The influence of waste management on rabies control efforts.
As most of our readers will know dog rabies is endemic in most developing countries across the world. Out of the estimated global population of domestic dogs (687 million), 78% (536 million) are living in 122 dog rabies endemic countries, where they are responsible for the vast majority of human rabies cases.
Dogs in developing countries are most often not the pampered pets we see on television shows and movies. Often, even though these animals belong to a specific person or family, they are allowed to roam freely within the community, and serve a range of purposes such as for hunting or for security. Other dogs are “owned” by the community where several individuals all contribute toward the animal’s care. The problem is that very often these free-roaming dogs may not have access to enough food, water, and shelter, thus encouraging them to roam. Furthermore, they are typically not sterilized, thereby allowing dogs to breed freely. These factors can lead to conflict with the community through a range of issues such as biting, soiling of the area, and motor vehicle accidents. In addition, the continuous breeding of free-roaming dogs makes it difficult to reach and maintain the 70% vaccination coverage required to control and eliminate rabies.
Fast growing dog populations are strongly linked to urbanization, the associated increase in solid waste production, and the mismanagement of waste disposal - particularly as it relates to access to garbage as a source of food. Making matters worse, the United Nations estimated that the global urban dwelling population would reach up to 68% of the global population by 2050. Generally, rapid immigration to urban areas with the hope of better job opportunities and consequently increased quality of life has globally escalated the number of people residing in slum areas and in temporary/makeshift homes. This immigration and urbanization contribute significantly to the accumulation of waste and waste management problems. Rapidly growing countries (e.g. India and Bangladesh) hold higher risks of rabies because of increasing urbanization, urban slums, and populations of unvaccinated street dogs living in close proximity to poorly managed garbage disposal sites. Proper management of waste in the streets and at these disposal sites is essential as part of a holistic strategy to minimize free-roaming dog populations as an animal welfare consideration and in support of rabies control. In evidence, a study in ten Indian metropolitan cities showed a strong correlation between the size of the city’s population, municipal solid waste produced, and dog bites in the particular year; moreover, significant statistical correlation was observed between yearly dog bites and per capita waste generation.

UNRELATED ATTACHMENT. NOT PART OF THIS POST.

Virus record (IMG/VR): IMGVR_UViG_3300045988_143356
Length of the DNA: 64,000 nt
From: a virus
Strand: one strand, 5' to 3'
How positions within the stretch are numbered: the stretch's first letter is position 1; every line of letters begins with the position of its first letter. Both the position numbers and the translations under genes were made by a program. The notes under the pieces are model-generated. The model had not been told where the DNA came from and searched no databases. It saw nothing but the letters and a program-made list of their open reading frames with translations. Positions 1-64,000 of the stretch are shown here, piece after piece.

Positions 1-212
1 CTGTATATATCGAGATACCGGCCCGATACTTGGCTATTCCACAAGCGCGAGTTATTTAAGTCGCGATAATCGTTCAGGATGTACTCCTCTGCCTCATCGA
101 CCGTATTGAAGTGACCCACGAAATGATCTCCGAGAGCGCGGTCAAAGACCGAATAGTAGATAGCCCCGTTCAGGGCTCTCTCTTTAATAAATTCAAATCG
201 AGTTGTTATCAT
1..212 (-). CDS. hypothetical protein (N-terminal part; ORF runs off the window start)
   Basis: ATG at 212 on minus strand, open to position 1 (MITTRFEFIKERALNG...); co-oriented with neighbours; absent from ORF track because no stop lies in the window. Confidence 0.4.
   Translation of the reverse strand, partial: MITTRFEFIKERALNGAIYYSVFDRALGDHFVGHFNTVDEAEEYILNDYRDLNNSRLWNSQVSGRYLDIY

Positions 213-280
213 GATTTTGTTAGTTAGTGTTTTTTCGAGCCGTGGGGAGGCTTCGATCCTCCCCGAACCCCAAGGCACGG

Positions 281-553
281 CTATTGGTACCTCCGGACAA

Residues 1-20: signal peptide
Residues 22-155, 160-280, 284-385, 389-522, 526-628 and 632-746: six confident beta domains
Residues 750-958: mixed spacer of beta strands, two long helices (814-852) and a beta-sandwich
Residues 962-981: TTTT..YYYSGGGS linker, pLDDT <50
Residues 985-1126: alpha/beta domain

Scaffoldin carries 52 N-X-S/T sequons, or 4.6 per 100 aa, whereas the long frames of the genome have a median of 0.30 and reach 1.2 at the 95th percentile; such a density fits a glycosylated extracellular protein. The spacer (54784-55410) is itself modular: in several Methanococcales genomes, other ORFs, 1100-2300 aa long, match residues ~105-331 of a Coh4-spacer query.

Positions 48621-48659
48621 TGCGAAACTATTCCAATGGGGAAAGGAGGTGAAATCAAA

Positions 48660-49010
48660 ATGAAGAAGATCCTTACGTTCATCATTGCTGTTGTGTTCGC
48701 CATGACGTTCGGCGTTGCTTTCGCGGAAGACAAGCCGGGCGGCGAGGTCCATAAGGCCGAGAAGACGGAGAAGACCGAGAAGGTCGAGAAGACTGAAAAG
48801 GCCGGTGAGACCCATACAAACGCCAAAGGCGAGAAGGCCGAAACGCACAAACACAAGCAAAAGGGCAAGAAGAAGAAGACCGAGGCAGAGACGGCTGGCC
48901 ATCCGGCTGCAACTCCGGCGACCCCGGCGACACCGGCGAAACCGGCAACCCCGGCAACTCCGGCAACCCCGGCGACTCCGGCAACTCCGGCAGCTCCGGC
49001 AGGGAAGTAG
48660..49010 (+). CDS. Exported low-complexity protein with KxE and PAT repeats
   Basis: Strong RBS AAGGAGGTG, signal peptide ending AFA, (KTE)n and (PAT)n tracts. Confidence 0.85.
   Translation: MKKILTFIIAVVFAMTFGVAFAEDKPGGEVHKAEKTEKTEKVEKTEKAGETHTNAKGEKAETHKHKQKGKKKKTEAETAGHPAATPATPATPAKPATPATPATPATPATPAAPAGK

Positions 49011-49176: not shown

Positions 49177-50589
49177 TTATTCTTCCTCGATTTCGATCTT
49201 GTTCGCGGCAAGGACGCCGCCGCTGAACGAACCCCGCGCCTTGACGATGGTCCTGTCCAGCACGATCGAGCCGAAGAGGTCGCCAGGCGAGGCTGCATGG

While the management of municipal solid waste is not the primary means to eliminate rabies (dog vaccination is still the best means to eliminate the disease), evidence suggests that municipal solid waste does play a significant role in rabies control efforts. For example, the direct increase in rabies transmission and risk for inhabitants of slum areas residing close to landfill sites has been documented. Improved waste management will also reduce the risk of other zoonotic diseases such as human cystic echinococcosis disease. Waste management, as part of humane dog population management, should therefore be part of dog rabies control programs, and this factor is, in our opinion, often neglected.
To effectively control canine rabies, several interventions like strategic and well-planned mass dog vaccinations, dog population management, and strict legislation along with community-level awareness are necessary. However, present rabies control programs often do not fully appreciate and therefore neglect the role of good waste management in the control of dog populations. Efforts of community engagement can include waste management strategies to reduce the human–dog conflict.
From a welfare perspective, waste management with regard to dogs that are truly dependent on these wastes for survival must be approached carefully. Simply restricting access to the waste immediately, thereby reducing the food sources, without providing alternative food sources (i.e. community feeding stations in areas where dogs are more tolerated) can fuel human–animal conflict due to heightened aggression of hungry dogs searching for food. This in turn will also increase the opportunities for rabies transmission if bite incidences increase. These scenarios highlight the complexities involved in humane dog population management. Nevertheless, humane dog population management (and municipal solid waste management as part thereof) should be recognized as a key long-term issue to be addressed in support of large scale vaccination aimed at effectively breaking rabies transmission in at-risk rabies endemic dog populations.
Article contributed by Dr. Nicolette Wright, ICAM representative for GARC.
This summary is based on a recent GARC publication. You can read the full peer-reviewed scientific publication here.